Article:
Joseph Barbera, the man who gave us our lovely childhood cartoons, “Tom and Jerry” and “The Flintstones” and “Scooby-Doo”, has passed away.
Joseph Barbera died of natural causes, at 95, in his home in Studio City, California. Together with William Hanna he co-founded the Hanna-Barbera production company, which was active between 1957 and 2001.
Hanna-Barbera produced such memorable cartoon series as “The Flintstones”, “The Jetsons”, “The Huckleberry Hound Show”, “The Yogi Bear Show”, “Jonny Quest”, “Wacky Races”, “Scooby-Doo”, and “Smurfs”, all of which have traveled the world over, entertaining and fascinating millions of children.
Indeed, who on this planet has not heard of those two wacky pals, the lovable Tom and Jerry? The cartoon was extremely successful from the very beginning, both with critics and the audience. In the 1940s, “Tom and Jerry” cartoons received five Academy Awards for Best Short Subject: Cartoons and won others in later years.
Joseph Barbera was born in Manhattan, in 1911. He first tried to be a cartoonist for a magazine called The NY Hits Magazine, during the Great Depression, but it didn’t work. He became an animator and scriptwriter for the Van Beuren Studio in 1932 and worked on several cartoons, including “Cubby Bear” and “Rainbow Parades”. When Van Beuren closed down in 1936, Barbera moved over to the MGM studios.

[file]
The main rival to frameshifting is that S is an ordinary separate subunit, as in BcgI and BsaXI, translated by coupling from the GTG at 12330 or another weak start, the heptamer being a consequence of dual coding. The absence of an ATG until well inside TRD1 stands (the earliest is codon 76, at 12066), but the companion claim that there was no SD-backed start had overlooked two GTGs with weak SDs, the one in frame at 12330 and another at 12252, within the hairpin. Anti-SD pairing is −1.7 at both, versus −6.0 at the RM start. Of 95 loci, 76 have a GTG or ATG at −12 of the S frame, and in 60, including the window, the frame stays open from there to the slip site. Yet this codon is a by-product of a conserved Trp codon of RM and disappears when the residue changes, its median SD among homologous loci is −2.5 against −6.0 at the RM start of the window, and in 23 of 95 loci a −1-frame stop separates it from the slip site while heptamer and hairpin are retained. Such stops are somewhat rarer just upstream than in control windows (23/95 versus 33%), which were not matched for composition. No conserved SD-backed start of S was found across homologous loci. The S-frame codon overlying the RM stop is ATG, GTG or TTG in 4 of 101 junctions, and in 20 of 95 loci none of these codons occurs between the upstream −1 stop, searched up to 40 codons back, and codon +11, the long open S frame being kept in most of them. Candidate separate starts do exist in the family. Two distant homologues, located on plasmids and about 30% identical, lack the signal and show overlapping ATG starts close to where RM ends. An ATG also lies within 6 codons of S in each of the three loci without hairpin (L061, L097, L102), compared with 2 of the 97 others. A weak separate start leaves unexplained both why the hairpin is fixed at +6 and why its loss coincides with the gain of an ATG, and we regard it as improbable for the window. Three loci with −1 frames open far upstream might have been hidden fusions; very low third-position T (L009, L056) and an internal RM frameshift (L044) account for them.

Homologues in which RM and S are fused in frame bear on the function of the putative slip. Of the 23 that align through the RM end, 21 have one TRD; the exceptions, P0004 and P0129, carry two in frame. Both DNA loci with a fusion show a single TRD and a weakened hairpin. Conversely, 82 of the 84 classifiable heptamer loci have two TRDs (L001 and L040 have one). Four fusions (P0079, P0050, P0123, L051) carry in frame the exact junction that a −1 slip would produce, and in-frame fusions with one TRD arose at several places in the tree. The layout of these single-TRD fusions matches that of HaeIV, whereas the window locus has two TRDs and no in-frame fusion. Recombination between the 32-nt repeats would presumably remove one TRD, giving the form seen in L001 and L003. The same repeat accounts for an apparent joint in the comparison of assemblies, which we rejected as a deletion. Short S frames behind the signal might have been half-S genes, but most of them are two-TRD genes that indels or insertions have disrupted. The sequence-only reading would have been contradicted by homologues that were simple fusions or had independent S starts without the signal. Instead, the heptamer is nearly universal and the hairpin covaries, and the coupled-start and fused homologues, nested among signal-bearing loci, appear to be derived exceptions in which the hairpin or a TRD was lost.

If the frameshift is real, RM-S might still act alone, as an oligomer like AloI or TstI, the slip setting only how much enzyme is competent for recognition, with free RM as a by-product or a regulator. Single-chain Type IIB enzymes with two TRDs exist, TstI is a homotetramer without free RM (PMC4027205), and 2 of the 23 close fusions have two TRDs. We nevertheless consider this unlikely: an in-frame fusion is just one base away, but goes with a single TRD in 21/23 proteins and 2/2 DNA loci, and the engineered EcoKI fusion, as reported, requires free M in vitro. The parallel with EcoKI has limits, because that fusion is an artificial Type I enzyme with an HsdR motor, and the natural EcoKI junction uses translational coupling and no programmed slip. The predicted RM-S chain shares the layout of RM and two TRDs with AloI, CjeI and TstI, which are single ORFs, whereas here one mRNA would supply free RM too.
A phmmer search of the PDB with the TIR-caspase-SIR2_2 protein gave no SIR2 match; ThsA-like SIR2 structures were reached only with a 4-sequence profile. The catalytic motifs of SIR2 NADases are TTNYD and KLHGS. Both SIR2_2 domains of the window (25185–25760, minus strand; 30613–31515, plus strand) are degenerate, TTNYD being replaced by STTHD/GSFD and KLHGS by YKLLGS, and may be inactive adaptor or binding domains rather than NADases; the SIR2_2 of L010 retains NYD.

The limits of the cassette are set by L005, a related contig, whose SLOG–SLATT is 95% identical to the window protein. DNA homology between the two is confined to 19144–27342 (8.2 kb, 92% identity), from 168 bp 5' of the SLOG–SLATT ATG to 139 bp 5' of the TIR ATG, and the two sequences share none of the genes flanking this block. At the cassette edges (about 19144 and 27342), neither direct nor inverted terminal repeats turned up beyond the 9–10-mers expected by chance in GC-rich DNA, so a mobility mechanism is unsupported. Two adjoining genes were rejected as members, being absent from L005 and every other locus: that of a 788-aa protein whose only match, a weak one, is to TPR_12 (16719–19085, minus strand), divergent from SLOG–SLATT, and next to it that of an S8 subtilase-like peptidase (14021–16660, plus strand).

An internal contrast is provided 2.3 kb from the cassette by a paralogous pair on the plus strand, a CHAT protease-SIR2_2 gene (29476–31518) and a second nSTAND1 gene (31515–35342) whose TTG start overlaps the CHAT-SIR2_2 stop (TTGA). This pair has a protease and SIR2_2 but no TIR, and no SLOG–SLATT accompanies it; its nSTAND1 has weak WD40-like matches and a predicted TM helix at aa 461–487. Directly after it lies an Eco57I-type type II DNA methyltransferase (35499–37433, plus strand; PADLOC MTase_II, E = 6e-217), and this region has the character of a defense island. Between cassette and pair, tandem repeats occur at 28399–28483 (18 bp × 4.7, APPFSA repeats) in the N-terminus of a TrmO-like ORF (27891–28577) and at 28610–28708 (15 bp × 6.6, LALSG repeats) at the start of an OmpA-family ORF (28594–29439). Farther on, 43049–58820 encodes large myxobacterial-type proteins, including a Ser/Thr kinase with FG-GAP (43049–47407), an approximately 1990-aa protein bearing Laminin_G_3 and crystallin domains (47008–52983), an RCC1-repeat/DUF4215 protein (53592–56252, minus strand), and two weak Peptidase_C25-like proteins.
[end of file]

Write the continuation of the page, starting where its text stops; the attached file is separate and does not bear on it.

He teamed up with William Hanna in 1938 to direct theatrical short cartoons. Their first creation was titled “Puss Gets the Boot” (1940), the first Tom and Jerry film, which was nominated for an Academy Award for Best (Cartoon) Short Subject.
In their 17 years of “Tom and Jerry” partnership, the two artists witnessed 14 nominations for Academy Awards, which in itself is a record. Among the cartoons that received the coveted award are “The Yankee Doodle Mouse”, “Mouse Trouble”, “Quiet Please!” and “The Cat Concerto”.
Other remarkable critical acknowledgement for the two partners has been the acceptance of eight Emmys, including the Governors Award of the Academy of Television Arts & Sciences in 1988.
William Hanna died in 2001, at 90; Barbera continued to do what he loved best, as an executive producer for Warner Bros. Animation on television series such as “What's New, Scooby-Doo?” and “Tom and Jerry Tales”. He also played a very big part in the animated “The Karateguard”, released in 2005, a short Tom and Jerry cartoon.
Mr. Barbera, thank you for my wonderful childhood cartoons. Rest in peace.